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Marketing Strategy Issues:

Customer Acquisition, Retention and


Lifetime Value Analysis

Dr. P.V. (Sundar) Balakrishnan

Balakrishnan

Customer Acquisition, Retention and Lifetime Analysis


Managements ultimate (primary?) responsibility:
maximize the value of shareholders wealth
Two key decisions in accomplishing this are:
- Acquiring the right kind of customers
- Retaining and developing the right existing
Customers
Right Kind of Customers?
- Monetary value of purchase / costs of serving
- Frequency of purchase
- Remain active over a long period of time
Balakrishnan

Ref: Gupta, Lehmann & Stuart, MSI working paper,


2001

Balakrishnan

Balakrishnan

Ref: Gupta, Lehmann & Stuart, MSI working paper, 2001

Ref: Gupta, Lehmann & Stuart, MSI working paper, 2001

Balakrishnan

Customer Acquisition, Retention and Lifetime Analysis


Acquiring new customers vs. retaining existing customers
Why Customers are More Profitable over Time

Profit from price premium


Profit from referrals
Customer
Profit*

Profits from reduced


operating cost
Profit from increased
purchases and higher
balances

Base Profit
0

Year
Customer
acquisition
cost

Balakrishnan
* This pattern is based on our experience in many industries

Customer Acquisition, Retention and Lifetime Analysis


Variation of profit over time
Customer Profit Patterns over Time, Selected Service Indistries
Profit per Cusotmer
(in dolloars) by Year of Relationship
Industry

Credit Card Issuance and Servicing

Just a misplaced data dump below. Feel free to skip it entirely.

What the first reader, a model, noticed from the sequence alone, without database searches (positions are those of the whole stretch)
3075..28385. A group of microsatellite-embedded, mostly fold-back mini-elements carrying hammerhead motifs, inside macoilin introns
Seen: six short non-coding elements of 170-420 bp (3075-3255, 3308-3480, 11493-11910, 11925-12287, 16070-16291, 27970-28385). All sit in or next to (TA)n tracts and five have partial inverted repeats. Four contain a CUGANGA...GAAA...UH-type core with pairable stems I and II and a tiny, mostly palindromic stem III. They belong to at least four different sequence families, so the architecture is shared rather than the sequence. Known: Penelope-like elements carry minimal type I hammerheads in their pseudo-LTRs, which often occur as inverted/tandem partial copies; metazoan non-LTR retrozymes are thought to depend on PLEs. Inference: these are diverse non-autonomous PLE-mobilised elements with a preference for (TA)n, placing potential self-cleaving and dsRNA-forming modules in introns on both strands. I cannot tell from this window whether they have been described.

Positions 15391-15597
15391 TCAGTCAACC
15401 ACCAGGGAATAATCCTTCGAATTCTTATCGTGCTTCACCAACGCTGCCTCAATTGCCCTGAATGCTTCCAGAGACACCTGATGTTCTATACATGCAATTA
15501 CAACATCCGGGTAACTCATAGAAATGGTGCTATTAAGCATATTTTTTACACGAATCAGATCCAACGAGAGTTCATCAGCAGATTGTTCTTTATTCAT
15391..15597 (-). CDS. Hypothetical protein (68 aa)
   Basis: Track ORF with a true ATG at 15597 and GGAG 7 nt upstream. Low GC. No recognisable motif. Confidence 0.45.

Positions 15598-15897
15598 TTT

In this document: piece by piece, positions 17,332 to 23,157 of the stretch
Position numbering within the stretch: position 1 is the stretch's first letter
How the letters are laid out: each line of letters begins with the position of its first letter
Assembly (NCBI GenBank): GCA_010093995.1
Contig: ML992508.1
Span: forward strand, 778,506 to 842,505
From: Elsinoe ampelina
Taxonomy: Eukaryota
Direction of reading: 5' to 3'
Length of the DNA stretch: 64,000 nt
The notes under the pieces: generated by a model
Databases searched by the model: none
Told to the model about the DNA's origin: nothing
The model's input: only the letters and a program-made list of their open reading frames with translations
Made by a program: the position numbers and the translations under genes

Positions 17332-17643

(21)*

42

44

49

55

Industrial Laundry

144

166

192

222

256

Industrial Distribution

45

99

121

144

168

Auto Servicing

25

35

70

88

88

in parentheses denote losses.


* Figures
Balakrishnan

Acquisition costs

Balakrishnan

Customer Equity
What is Customer Equity?
Discounted present value of all future customer
revenue streams net of acquisition costs, product
and servicing costs, and retention costs
plus
Net present value of profits generated from
customer recommendation

Balakrishnan

Measuring Customer Equity


What do we need to know?
- Relationship between acquisition spending and
acquisition rate
- Likewise, for customer retention
- Margin per transaction per retained customer
- Profit from customer recommendation
- Discount factor
Analytical Method
- Analyze acquisition and retention
- Take as given margin and discount rate
Blattberg and Deighton (1996)

Balakrishnan

Measuring Customer Equity (Contd..)

Firms need to invest in order to acquire and retain customers


Customer Equity = Customer Value in Year 1 + Value from Year 2
onwards
Customer value in Year 1=

Acquisition Rate(a) * Margin on Sale($m) Cost of


Acquisition/Prospect ($A)
a = fraction of prospects that make a first purchase
Acquisition rate a = ac * (1 - exp(-k1*$A))
ac is the maximum (ceiling) attainable acquisition rate
k1 is the coefficient of acquisition

Balakrishnan

Measuring Customer Equity (Contd..)

Acquisition rate a = ac * (1 - exp(-k1*$A))


ac is the maximum (ceiling) attainable acquisition
rate
k1 is the coefficient of acquisition
Question: How do you determine the unknown
parameters?

ac and k1
Two methods
- Use historical data / Regression analysis
- Decision Calculus

Balakrishnan

Decision Calculus Approach


Ask yourself (or the decision maker two questions)
- Q1: What did you spend per prospect last period
($At),
and
what fraction of prospects did you convert(at)?
- Q2: What is the maximum number of prospects that